As Queenie is a fit and healthy mare, and due to it being prime horse breeding season, the team is keen that she gets back to the stallion again in approximately three weeks to see if she can become pregnant once more. There is no reason to believe that Queenie won’t foal successfully in the future.

Via EPR Network
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The National Trust Invites Public To Choose Sheep For Farm Experiment

The National Trust has revealed that members of the public will decide which flock of sheep will be bought by a working, commercial farm as part of the MyFarm* experiment which aims to re-connect people with the day-to-day realities of farming.


Under the banner ‘You choose the Ewes’, subscribers signed up for the experiment will be asked to choose between buying 100 commercial or rare breed sheep**, to expand the current flock.

They will be asked to consider the financial consequences, the implications for rare-breed bloodline and environmental impacts, as well as lambing rates and the time taken to rear lambs for market.

Once this decision is taken, the MyFarm community will decide on the specific breed of sheep to stock.

Last month, MyFarm Farmers decided to plant wheat on a 27 acre (15.4 hectare) field as part of the experiment being run by the National Trust at Home Farm on the Wimpole Estate in Cambridgeshire.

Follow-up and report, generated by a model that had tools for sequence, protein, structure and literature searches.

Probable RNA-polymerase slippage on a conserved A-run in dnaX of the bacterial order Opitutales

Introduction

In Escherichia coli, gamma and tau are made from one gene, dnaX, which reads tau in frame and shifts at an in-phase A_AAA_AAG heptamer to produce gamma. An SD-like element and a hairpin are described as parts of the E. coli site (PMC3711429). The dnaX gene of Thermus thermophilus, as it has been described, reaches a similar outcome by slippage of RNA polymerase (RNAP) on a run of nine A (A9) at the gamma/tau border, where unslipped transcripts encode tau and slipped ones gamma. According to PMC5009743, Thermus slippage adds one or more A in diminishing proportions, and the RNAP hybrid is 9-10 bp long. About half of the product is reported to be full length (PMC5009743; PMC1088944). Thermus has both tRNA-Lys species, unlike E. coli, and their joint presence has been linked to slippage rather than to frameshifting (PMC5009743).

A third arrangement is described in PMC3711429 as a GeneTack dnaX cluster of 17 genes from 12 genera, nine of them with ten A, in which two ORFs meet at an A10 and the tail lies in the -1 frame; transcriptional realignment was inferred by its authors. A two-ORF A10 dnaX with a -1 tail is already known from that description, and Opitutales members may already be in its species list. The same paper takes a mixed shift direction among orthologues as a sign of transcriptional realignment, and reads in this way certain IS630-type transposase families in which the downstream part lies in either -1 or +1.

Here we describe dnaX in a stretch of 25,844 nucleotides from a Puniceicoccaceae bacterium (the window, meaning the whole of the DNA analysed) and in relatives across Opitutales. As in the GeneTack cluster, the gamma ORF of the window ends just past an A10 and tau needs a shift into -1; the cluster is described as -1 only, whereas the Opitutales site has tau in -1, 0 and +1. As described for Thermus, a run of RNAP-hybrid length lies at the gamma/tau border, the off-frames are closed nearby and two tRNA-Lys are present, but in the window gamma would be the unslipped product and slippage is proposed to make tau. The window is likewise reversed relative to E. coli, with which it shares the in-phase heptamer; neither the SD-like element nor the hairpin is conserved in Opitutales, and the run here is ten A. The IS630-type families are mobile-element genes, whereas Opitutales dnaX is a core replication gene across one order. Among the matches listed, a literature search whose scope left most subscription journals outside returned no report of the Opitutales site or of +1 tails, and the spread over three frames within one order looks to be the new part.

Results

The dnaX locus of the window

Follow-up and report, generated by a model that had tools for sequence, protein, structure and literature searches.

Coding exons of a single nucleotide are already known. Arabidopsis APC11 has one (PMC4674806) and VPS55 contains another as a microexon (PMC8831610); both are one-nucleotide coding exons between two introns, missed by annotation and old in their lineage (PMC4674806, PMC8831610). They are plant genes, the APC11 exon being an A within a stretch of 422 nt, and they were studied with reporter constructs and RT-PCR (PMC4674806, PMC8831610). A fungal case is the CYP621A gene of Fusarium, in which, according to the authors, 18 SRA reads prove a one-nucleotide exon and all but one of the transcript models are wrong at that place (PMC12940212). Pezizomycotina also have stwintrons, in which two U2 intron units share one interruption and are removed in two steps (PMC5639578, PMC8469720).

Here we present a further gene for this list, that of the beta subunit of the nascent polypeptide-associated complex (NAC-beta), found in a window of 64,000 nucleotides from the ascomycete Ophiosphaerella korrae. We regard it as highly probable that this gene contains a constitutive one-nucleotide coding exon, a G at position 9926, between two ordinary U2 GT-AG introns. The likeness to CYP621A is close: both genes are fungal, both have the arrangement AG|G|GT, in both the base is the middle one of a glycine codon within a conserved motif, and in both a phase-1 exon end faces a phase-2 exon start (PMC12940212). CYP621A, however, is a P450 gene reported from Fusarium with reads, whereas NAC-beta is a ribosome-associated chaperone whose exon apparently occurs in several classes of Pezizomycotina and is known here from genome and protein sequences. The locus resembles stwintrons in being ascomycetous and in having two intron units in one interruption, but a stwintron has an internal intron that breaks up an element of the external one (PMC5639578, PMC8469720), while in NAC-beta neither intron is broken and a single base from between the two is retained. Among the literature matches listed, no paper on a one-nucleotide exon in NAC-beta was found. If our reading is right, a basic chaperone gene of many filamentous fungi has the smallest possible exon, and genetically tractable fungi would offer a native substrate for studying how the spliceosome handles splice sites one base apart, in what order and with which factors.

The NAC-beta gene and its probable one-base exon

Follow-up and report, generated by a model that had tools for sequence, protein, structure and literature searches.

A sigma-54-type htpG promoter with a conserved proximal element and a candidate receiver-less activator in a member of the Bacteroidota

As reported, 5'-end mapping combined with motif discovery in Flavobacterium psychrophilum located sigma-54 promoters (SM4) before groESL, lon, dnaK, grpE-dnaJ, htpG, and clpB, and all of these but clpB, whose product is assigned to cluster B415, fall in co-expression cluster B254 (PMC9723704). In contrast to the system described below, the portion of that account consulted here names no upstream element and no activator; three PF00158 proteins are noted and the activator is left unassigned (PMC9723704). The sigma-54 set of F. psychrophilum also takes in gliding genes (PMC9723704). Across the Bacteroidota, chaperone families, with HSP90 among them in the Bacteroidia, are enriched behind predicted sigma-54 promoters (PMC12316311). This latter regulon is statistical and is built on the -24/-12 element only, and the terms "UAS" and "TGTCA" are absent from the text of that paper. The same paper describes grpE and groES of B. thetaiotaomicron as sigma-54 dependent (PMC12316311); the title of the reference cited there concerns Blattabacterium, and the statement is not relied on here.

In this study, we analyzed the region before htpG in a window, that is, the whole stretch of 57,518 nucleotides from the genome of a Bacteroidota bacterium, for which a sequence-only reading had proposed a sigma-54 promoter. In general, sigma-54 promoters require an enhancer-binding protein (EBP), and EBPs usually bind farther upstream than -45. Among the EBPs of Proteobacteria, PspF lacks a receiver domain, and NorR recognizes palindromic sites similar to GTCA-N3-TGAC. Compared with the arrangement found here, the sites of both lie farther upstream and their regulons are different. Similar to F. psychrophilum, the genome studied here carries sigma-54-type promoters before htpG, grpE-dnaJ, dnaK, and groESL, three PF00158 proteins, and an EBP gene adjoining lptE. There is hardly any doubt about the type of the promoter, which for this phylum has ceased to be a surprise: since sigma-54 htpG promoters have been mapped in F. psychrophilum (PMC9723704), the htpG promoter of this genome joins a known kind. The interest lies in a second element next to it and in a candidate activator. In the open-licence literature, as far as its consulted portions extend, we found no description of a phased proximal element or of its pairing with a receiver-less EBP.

The charity aims to connect up to 10,000 people with farming and to better understand where their food comes from, to understand land management and the wider issues facing farmers today.

MyFarm farm manager Richard Morris said: “We’re basically saying to members ‘you choose the ewes’. Currently we have 250 rare breed ewes, 200 rare breed mature lambs and 300 lambs which were born this spring at Wimpole, and we now have the opportunity to increase numbers.

“Rare breeds offer continuity for our conservation work, but there is possibly a more efficient utilisation of forage and greater financial return from using more commercial breeds.

“The arguments both for and against rare breed and commercial are fascinating and I look forward to seeing how the debate unfolds over the next six days.”

Other people will be contributing to the discussions surrounding the vote including the Rare Breeds Survival Trust (RBST) and a professional chef.

The results of the poll will be posted on the MyFarm website.


Via EPR Network
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National Trust reveals 3.5 million investment results at Hidcote Manor

National Trust has announced that a newly restored semi-tropical plant house, a bathing pool and a summerhouse mural are just some of the results of 10 years of hard work and £3.5 million investment at Hidcote Manor garden in Gloucestershire.

The National Trust has now officially completed a major phase of reinstating many of the key historic structures in this world-famous garden thanks to the support of an anonymous donor, who matched every pound raised by the Trust up to £1.6 million.

Created by American-born horticulturalist Major Lawrence Johnston, Hidcote is one of the most inventive and influential gardens of the 20th Century. His creation was built around outdoor ‘rooms’ linked by views and design features influenced by the fashionable ‘Arts and Crafts’ style.

However, elements of the 10 acre garden fell into disrepair during the 1950s and as a result, 10 years ago, the National Trust set itself a target to recreate Hidcote as Johnston planned it.